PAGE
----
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How Modern Ports and Terminals can Boost Efficiency using Wireless Technology

Today's modern ports and terminals are increasingly turning to wireless technologies to boost their efficiency and gain a competitive edge. Let's delve into how wireless is revolutionising ports and terminals around the world.

The ports business is highly competitive, with ports vying for business from shipping companies and manufacturers. Factors such as location, size, facilities, efficiency, and the ability to handle different types of cargo all play a role in how competitive a port is. The increasing demand for modernisation and automation in ports seeking a competitive edge is driving the adoption of new technologies. The integration of wireless technology in particular is seen as a game-changer that can enhance efficiency and streamline operations in maritime environments.

Port environments are an interesting use case for wireless because they come with their own set of challenges, such as network equipment needing to withstand extreme weather conditions and potential corrosion from sea air. Also, equipment often has to be installed in locations that are difficult to access, and therefore don’t lend themselves to regular hands-on maintenance. That said, the technologies discussed here are also applicable to any sprawling industrial site.

Wireless Backhaul

A typical port usually has a main administrative block, and numerous outlying buildings such as storage and/or inspection facilities, gatehouses, etc. In addition to data, there is likely to be extensive video surveillance of the site, requiring good bandwidth and low-latency. Traditionally you would run fibre-optics for network connectivity in this type of situation, but that can be expensive and disruptive.

Terminal Operating Software (TOS), is a crucial component in ports' operations, because it is responsible for controlling the movement and storage of various types of cargo in and around the facility. A stable and robust network connection is essential for TOS to function seamlessly. It ensures real-time data exchange, enables accurate tracking, and facilitates swift decision-making, all of which contribute to operational efficiency.

Reliable connectivity also plays an important role in safety management and other essential monitoring systems.

By leveraging wireless backhaul technology, we can ensure a consistent and reliable network for TOS and other applications. Wireless backhaul uses directional high-gain antennas to achieve high throughput over long distances. Broadly speaking there are three network topologies we can utilise for wireless backhaul, depending on the application:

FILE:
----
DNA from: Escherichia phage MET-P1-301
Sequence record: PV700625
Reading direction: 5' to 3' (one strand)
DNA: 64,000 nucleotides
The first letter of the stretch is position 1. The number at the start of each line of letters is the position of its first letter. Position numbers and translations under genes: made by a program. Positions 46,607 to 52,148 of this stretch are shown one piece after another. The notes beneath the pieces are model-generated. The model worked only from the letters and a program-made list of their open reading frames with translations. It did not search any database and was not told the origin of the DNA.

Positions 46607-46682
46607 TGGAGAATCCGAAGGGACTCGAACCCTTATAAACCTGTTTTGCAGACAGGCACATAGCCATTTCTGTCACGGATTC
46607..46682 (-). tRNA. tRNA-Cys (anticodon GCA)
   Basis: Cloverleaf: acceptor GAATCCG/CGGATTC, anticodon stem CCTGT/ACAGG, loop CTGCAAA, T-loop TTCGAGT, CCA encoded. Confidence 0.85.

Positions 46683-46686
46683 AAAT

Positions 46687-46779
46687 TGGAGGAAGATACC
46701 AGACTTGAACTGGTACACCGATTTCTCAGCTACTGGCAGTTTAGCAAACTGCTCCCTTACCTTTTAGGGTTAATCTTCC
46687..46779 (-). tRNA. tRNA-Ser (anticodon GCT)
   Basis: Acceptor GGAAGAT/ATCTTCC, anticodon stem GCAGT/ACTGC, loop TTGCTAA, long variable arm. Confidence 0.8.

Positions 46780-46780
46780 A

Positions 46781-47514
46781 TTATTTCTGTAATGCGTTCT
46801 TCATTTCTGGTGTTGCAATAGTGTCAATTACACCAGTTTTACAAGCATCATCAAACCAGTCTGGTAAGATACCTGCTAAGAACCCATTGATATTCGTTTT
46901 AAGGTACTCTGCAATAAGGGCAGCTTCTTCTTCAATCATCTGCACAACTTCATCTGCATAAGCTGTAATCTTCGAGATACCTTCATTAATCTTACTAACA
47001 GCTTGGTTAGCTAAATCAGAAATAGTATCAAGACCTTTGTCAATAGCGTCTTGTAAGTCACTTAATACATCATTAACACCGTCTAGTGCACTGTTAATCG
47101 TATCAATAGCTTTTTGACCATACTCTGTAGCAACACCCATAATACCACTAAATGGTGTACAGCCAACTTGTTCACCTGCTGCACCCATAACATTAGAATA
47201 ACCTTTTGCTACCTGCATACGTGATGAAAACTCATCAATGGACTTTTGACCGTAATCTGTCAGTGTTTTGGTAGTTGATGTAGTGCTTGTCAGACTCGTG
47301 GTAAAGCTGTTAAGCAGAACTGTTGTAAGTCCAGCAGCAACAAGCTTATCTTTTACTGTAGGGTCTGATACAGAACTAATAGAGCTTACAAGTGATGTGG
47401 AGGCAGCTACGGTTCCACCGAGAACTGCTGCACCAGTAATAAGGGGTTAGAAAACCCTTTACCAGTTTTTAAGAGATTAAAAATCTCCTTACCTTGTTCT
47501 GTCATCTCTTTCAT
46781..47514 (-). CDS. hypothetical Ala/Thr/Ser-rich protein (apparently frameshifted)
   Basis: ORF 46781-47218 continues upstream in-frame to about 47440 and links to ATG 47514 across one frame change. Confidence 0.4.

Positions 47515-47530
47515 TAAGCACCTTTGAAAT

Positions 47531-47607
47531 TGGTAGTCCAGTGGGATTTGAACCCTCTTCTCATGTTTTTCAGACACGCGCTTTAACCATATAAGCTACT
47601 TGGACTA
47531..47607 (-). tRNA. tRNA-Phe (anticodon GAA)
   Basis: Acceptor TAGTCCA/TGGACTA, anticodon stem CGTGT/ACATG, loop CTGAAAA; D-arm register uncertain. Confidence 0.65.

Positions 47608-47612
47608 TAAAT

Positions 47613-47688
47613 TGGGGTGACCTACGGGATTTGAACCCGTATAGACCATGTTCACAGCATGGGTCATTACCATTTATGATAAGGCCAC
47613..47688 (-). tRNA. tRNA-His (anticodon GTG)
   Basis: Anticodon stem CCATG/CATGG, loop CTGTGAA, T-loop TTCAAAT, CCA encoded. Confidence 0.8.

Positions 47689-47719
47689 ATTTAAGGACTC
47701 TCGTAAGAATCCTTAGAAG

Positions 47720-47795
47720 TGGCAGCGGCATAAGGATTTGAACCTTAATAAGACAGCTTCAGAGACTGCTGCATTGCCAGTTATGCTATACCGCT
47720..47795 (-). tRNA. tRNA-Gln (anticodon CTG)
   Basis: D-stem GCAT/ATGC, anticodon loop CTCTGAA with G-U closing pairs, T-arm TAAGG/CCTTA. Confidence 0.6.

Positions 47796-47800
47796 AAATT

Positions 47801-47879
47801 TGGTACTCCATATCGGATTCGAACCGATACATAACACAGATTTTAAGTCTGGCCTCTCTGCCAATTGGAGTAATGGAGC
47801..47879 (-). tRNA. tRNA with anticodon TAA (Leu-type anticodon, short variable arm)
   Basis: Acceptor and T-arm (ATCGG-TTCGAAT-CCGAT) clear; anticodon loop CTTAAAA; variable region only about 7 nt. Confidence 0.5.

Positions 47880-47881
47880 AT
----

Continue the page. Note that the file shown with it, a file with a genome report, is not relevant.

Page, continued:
Point-to-Point (PtP): PtP topology involves establishing a direct wireless link between two specific points, say two buildings. It can work over long distances, several kilometres, and can deliver high bandwidth. This type of link is reliable, secure, and offers low latency, making it suitable for real-time applications.

Point-to-Multipoint (PtMP): PtMP technology is similar but it enables a single base station to communicate with multiple client devices within it’s coverage area simultaneously. The clients can share the same frequency, which makes for a more efficient utilisation of spectrum. PtMP networks can be easily scaled by adding more clients.

Mesh: A mesh topology uses multiple interconnected devices (nodes) to create a wide network coverage area. Each node in the mesh network acts as a router, forwarding data to other nodes until it reaches its destination. It provides redundancy and increased reliability as data can be rerouted through alternative paths if one node fails. They offer scalability, allowing for the addition of new nodes without disrupting the overall network performance. Dynamic routing algorithms optimise data transmission paths and load balancing among nodes.

Mobile Equipment

Wireless capabilities extends beyond stationary buildings. It can also provide reliable connectivity for mobile equipment such as cranes. In the bustling environment of ports, maintaining a stable communication line with these pieces of moving equipment is crucial for seamless operations.

Ship-to-Shore cranes, Rubber Tires Gantry cranes, and Rail Mounted Gantry cranes all require a stable network connection for efficient operational, which can be achieved using wireless technology, ensuring real-time data communication, enhancing the speed and accuracy of cargo handling.

Often such cranes are utilising video cameras for safety and/or Optical Character Recognition (OCR) applications which increases the bandwidth requirement considerably. OCR technology is increasingly used to automatically identify and read the container numbers, ISO codes, and other vital information on the containers to speed up the process of data capture and container handling resulting in increased operational efficiency. Moreover, real-time data capture allows for immediate and accurate tracking of containers, which is crucial for effective container management and planning.